Managing Avatars on the Platform

This topic includes information about managing avatars on the platform, including:

Resources that Have Avatars on the Platform

The platform supports upload of an image for use as an avatar for the following resource types:

  • APIs
  • Apps
  • Groups
  • Business Organizations
  • Users

Supported File Types and File Size

Supported image files must be no more than 4MB in size, and must be one of these supported image types:

  • JPG
  • GIF
  • TIFF
  • BMP
  • PNG

Working With Resource Images

The Dropbox service provides operations for uploading images to the platform. Working with images might include such activities as uploading an image, cropping it, and saving the cropped portion as the avatar for a resource.

The table below shows the sequence of operations to upload a user avatar.

Use this Dropbox operation... HTTP Verb To complete this step...
POST /api/dropbox/pictures POST Upload the image to the Dropbox.
PUT api/dropbox/pictures/{pictureId} PUT Specifies the display and crop dimensions.
PUT /api/users/{UserID} (for a user; corresponding operation for other assets) PUT Updates the profile with the new image information.

The services that support managing these various resources include operations that allow you to add, update, or delete avatars or get avatar information:

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Managing Caching for Avatars

Because many different resources, such as APIs, apps, and users, can have a different avatar, it's possible that a platform resource, such as an API's Board page with many comments and notifications, might include many different images. For maximum efficiency, avatars can be cached.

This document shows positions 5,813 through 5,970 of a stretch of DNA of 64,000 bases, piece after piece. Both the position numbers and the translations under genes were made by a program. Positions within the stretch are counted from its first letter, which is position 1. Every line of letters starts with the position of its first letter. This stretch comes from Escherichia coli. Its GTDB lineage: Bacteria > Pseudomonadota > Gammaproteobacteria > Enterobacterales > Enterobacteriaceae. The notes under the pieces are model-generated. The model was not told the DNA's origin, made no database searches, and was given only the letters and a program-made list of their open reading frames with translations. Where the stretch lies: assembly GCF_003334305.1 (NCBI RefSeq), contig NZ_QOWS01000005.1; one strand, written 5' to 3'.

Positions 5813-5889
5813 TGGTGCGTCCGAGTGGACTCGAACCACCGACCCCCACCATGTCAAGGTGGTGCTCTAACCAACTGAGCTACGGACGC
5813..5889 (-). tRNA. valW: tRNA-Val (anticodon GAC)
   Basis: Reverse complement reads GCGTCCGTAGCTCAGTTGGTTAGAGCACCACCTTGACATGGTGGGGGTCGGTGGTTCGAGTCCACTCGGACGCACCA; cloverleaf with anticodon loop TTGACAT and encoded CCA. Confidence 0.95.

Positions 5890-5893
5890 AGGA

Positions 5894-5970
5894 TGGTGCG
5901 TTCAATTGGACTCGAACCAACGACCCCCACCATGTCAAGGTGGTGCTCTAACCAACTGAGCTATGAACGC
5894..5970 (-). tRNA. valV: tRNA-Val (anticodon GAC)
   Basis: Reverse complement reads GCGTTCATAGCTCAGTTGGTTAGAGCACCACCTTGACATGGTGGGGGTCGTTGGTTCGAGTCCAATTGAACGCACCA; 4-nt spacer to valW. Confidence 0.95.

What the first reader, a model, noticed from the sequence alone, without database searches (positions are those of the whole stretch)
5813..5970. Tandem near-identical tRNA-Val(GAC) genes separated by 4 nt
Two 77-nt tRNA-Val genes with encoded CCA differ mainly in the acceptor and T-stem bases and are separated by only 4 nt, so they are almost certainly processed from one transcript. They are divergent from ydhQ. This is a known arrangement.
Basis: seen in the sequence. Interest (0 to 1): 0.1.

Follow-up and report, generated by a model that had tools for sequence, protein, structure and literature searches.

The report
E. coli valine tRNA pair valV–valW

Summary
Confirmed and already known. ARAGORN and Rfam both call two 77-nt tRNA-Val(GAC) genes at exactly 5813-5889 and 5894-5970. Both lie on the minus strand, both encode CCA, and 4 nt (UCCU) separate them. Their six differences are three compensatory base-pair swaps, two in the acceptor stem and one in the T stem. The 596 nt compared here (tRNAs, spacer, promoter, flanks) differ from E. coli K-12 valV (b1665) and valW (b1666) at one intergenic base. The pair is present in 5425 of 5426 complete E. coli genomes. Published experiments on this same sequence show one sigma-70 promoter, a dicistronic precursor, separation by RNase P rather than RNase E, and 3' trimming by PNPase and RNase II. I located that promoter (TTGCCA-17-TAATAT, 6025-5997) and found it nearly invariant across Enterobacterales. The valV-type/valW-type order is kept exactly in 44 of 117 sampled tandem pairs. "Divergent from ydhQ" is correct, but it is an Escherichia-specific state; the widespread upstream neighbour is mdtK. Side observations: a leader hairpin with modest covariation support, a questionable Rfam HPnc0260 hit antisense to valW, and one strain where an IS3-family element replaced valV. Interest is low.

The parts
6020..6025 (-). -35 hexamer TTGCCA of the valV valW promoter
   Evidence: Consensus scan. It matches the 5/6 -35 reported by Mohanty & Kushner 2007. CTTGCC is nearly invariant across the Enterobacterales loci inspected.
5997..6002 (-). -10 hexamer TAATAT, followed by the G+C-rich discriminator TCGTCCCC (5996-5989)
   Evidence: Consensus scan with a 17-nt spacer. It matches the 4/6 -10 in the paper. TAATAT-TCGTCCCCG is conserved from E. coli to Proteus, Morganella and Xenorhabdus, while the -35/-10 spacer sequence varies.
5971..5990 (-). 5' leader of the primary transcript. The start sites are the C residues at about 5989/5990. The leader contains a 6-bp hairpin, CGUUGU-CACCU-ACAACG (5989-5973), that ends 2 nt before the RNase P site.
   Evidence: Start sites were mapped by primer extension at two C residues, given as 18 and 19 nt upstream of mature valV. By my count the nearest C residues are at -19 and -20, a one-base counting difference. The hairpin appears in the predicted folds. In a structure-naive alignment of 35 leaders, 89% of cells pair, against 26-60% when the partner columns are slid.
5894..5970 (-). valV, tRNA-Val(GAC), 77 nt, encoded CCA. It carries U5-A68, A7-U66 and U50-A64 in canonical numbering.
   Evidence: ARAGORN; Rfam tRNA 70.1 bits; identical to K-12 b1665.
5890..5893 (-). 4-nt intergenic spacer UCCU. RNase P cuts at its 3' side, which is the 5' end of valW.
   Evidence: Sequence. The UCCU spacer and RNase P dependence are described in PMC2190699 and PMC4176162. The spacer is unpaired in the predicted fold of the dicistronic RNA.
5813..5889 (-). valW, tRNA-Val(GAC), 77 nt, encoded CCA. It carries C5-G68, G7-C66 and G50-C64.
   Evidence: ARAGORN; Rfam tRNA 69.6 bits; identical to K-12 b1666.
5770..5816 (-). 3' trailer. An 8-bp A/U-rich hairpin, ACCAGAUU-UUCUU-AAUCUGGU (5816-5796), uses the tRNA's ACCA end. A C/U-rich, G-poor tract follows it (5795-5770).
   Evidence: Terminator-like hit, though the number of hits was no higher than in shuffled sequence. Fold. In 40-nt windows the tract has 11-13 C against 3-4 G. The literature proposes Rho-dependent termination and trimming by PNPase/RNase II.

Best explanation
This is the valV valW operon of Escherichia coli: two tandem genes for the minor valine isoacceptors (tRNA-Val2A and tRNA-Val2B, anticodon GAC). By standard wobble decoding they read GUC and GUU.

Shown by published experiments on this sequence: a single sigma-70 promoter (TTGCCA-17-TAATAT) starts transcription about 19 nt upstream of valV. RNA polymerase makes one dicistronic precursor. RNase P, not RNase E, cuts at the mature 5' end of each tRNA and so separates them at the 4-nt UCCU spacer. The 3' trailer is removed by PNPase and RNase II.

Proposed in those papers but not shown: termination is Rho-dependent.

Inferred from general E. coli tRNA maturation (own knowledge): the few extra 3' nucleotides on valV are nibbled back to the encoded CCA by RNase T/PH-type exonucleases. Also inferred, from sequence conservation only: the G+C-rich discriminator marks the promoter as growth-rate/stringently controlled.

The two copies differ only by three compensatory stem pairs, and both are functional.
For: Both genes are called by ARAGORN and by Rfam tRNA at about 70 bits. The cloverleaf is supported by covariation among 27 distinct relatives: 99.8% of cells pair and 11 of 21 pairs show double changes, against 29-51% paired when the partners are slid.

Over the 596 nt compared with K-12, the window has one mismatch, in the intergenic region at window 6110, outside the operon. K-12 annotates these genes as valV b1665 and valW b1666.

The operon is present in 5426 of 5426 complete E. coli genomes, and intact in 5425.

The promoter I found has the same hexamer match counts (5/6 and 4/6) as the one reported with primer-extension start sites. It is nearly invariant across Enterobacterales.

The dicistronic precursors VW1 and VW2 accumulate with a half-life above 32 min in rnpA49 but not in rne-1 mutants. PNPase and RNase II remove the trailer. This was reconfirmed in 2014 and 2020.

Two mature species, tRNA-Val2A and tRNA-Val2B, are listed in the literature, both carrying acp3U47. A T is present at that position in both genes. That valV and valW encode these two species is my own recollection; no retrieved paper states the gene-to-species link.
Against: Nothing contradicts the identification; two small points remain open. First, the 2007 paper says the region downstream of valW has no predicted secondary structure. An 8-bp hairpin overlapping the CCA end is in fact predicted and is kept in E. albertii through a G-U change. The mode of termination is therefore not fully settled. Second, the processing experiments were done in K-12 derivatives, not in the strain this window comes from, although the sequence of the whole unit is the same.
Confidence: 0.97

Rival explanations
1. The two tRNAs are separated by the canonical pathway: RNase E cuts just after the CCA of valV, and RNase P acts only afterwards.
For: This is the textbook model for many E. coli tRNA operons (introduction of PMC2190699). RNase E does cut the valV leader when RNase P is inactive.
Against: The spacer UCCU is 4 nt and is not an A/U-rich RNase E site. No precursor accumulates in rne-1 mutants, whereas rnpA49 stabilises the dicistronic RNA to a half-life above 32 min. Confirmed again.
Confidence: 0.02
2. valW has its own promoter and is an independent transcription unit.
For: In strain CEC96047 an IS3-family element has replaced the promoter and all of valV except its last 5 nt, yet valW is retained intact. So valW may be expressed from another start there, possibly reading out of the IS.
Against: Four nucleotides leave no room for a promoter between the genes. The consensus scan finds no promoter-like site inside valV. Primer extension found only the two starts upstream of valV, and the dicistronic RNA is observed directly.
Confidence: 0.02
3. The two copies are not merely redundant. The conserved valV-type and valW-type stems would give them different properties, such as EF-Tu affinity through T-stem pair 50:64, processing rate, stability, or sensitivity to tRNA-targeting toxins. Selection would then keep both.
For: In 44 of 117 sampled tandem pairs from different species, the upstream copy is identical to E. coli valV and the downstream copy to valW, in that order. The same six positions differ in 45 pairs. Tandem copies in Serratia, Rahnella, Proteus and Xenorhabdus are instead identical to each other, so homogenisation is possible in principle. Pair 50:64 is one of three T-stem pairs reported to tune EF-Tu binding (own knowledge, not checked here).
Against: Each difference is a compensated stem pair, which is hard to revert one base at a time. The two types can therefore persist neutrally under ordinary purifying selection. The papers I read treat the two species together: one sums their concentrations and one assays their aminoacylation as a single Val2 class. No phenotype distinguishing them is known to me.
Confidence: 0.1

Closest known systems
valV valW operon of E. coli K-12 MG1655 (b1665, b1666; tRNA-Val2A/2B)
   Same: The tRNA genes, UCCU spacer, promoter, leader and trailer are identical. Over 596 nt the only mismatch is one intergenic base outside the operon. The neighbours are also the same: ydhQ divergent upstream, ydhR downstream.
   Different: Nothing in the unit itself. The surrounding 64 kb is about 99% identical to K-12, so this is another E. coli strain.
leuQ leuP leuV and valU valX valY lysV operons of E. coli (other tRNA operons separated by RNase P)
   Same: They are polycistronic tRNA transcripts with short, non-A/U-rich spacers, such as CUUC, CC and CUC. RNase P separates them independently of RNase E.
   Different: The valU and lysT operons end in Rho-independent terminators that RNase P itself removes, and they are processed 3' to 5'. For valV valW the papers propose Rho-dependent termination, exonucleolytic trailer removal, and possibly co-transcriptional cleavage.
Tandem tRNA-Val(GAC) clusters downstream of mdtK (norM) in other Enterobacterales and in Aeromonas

Whenever the avatar for a resource is changed, the URL is updated. An updated image will always have a different URL. This means that you can cache avatars indefinitely without risk that you might be referencing an outdated avatar.

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Usage Note: Difference Between getAvatar and getDefaultAvatar

There are two operations available for retrieving the avatar associated with a resource, with one key difference between them:

  • GET /api/{service}/{ID}/avatar (getDefaultAvatar): This operation simply returns the avatar for the resource, such as app, API, or user.
  • GET api/{service}/{ID}/avatars/{AvatarVersionID}.png (getAvatar): Each time a new avatar is set up for a resource, the platform assigns an AvatarVersionID. If the avatar is changed, the new avatar has a new AvatarVersionID. By specifying the AvatarVersionID, you can retrieve the avatar for a resource even if it isn't the current avatar.

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Process Flow: Example

Let's say a user, Jane Mead, adds an avatar to her user profile. She then decides to change the image; she removes the existing avatar and adds a different one. This process flow uses the following operations:

  1. User uploads an image to the developer portal: POST /api/dropbox/pictures. Image is saved to the Dropbox and PictureID is returned.
  2. Image is retrieved for user to crop: GET /api/dropbox/pictures/{pictureId}.
  3. User crops picture: PUT /api/dropbox/pictures/{pictureId}. Cropped image is saved to database and PictureID is returned (same PictureID).
  4. Cropped image is retrieved for use: GET /api/users/UserID/avatar.
  5. User record is updated: PUT /api/users/{UserID}.
  6. Updated user record is retrieved: GET /api/users/{UserID}.
  7. User deletes avatar: DELETE api/{service}/{ID}/picture.
  8. User record is updated: PUT /api/users/{UserID}.
  9. Updated user record is retrieved: GET /api/users/{UserID}.
  10. User uploads a second image from disk: steps 1-6 above are repeated.

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File upload example using Postman

For an example of uploading an avatar using the Postman client application, see Managing Multipart/Form-Data Uploads: Dropbox Service: Add Picture.

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